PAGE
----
Today marks the first football game of the season for many colleges, including Oklahoma State University. I moved to Oklahoma with the expectation that football was going to be a way of life here. I actually have a ticket (big thanks here to the colleague who generously bequeathed it to me - I am not yet to a stage in my professional career where I can justify the expense of season tickets) to next weekend's home game. If that wasn't reminder enough, at least a dozen students were missing from my survey American history class on Friday because they are members of the marching band or were traveling to the game.
And in preparation for the game this morning...this happened.
I understand the outrage, and the desire to make clear to these students the magnitude of the situation. I think Catherine Sweeny, OColly Editor-in-Chief, sums up the feeling behind the backlash quite well in this response:
"Is this still funny?
Maybe if you are completely ignorant of the past. But guess what? These fans are students. In Oklahoma, American history is required in elementary school, in middle school, in high school and in college.
Oklahoma State’s American history classes are packed with hundreds of students at a time. Professors lift the veil and let students know how despicably Americans treated the Indians.
These people, smiling and holding up their pistols, don’t get to claim ignorance. No students at this school get to claim ignorance.
They are knowingly making fun of victims of genocide. Who is laughing?"
Of course it's not funny. And of course the response to it has included every reaction from disbelief to confusion to anger. That's both understandable and justified. If nothing else, these students should certainly learn from the situation. I don't think, however, that this is their responsibility alone. It speaks to a bigger culture of passivity regarding history as a general subject of study and within our society as a whole, and at least to some extent to the glorification of sports rivalries as both expected and desirable. I'll probably get hate mail for this, but for me, as problematic as the picture is, it raises a more fundamental question - when have most of our students been shown the importance of caring that the past is relevant to their own lives?
Let me preface this by saying that I love my job and I'm pretty fiercely loyal to this university. No system or school is perfect, and making a career in academia also means being comfortable accepting this fact. As a very young historian in a very competitive and saturated job market brimming with talent, I feel incredibly fortunate to have any job in my field, let alone this one, which is extremely desirable and a great fit for me. It was a bit of a discovery to learn that upon arrival here, I was expected to teach American history--all of it--in a single semester. And not just "United States" history--pre-contact to the present. I have sixteen weeks (15 factoring in holidays). With three 50-minute lecture periods a week, that gives me 150 minutes--2.5 hours--a week to convey to students not only that some pretty important things happened in the past, but also what I think is the more salient and more frequently missing piece in their previous history education--that it matters. It matters to each of them individually, and it matters a lot.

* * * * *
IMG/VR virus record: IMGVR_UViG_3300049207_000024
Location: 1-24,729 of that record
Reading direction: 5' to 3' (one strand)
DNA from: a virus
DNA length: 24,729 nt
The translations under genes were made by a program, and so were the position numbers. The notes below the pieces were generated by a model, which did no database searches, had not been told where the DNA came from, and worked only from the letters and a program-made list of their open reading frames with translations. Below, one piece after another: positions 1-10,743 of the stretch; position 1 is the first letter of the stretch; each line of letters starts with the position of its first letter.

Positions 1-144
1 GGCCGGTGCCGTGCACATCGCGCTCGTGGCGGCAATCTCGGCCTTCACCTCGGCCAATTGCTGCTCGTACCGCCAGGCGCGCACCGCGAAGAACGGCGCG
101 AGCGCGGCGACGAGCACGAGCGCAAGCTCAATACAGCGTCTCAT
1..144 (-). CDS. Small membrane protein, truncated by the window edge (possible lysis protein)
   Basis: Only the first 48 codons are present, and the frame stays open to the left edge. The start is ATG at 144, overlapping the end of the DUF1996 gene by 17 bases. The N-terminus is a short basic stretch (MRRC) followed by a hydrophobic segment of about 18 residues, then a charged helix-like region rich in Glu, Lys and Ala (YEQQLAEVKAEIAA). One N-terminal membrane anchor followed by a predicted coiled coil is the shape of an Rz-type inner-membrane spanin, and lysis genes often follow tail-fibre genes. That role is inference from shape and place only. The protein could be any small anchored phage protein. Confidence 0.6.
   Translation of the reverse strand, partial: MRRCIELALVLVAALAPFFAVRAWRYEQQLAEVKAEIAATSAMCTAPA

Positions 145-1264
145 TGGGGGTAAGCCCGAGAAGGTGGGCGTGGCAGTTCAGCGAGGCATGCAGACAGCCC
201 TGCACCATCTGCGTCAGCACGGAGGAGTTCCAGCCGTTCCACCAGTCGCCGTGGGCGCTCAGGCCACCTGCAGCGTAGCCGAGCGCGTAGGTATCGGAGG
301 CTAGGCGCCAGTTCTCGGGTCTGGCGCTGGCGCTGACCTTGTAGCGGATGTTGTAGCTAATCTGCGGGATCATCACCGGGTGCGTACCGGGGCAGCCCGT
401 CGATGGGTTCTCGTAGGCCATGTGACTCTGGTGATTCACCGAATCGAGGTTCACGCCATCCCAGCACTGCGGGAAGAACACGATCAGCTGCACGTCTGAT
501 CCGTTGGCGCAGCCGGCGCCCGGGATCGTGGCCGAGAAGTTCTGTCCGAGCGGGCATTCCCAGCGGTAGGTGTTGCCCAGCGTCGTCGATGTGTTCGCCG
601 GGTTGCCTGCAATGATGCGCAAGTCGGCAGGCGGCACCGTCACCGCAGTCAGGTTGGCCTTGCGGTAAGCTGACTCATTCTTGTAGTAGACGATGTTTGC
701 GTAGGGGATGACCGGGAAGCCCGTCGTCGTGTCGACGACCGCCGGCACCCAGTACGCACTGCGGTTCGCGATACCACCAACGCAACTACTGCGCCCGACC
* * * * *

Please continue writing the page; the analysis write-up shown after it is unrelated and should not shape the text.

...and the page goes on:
I usually ask my students on the first day of class if they think history matters. Most of them half-heartedly agree that it probably does, in part because it's the first day and they're scared to indicate anything they think will incur my displeasure. Dig a little further and a few will generally admit that they think history is "boring," and they don't understand why dates matter. To an extent, I see their point. Pick a date in history, and it's a safe bet something happened then. Probably multiple things, that held different kinds of significance for lots of different people. Is it realistic to expect our students to learn, understand, and recall everything that ever happened? Probably not, and no history professor realistically expects that. The more pressing issue, I think, is that we struggle with finding effective ways to show our students that "history" isn't just "in the past" - it is and has always been lived and experienced by very real, and often very ordinary people just like them. This is a laudable goal - and a formidable one.
It's true that every professor teaching American history (not just at OSU) attempts to, as Sweeny writes, "lift the veil" and show students what happened in the past. And she is absolutely correct - they should absolutely not "get to claim ignorance. But I also don't think it's fair to attack these students, as a short overview of my Twitter feed suggests, as "racist," "stupid," "ignorant," or "uninformed upper middle class white kids." I won't even touch the last one. But I will go out on a limb here and say that I don't think any of these students rushed out of the local crafts store earlier this week with cans of orange and black paint contemplating what a great day it was to be an insensitive racist or piss off the overwhelming majority of those tuning into college football this morning. Were they horribly insensitive, grossly uninformed, and should they deal with the consequences? Yes, yes, and yes. And yes, they should take responsibility for their participation, and they should probably acknowledge its very real, very negative impact. But I would argue there is more responsibility to go around here.
In my American history survey class, by the end of the semester students will have read (assuming the quizzes, tests, and assignments I give are enough incentive to actually make them do the reading, which is of course another story entirely) somewhere in the neighborhood of 2,000 pages worth of textbooks. They will have listened to me talk about various topics three days a week in 45-50 minute blocks. I will show them dozens of pictures, maps, documents, and historical artifacts, and I will have stressed to them as much as I am able that the past still impacts us. And yes, they should have come into this class with some understanding that history is a thing and that it matters. I'm not excusing their conduct, or minimizing my own responsibility in making sure I do everything in my power to assure to help them learn effectively. But in many ways, as this situation demonstrates, it goes far beyond that.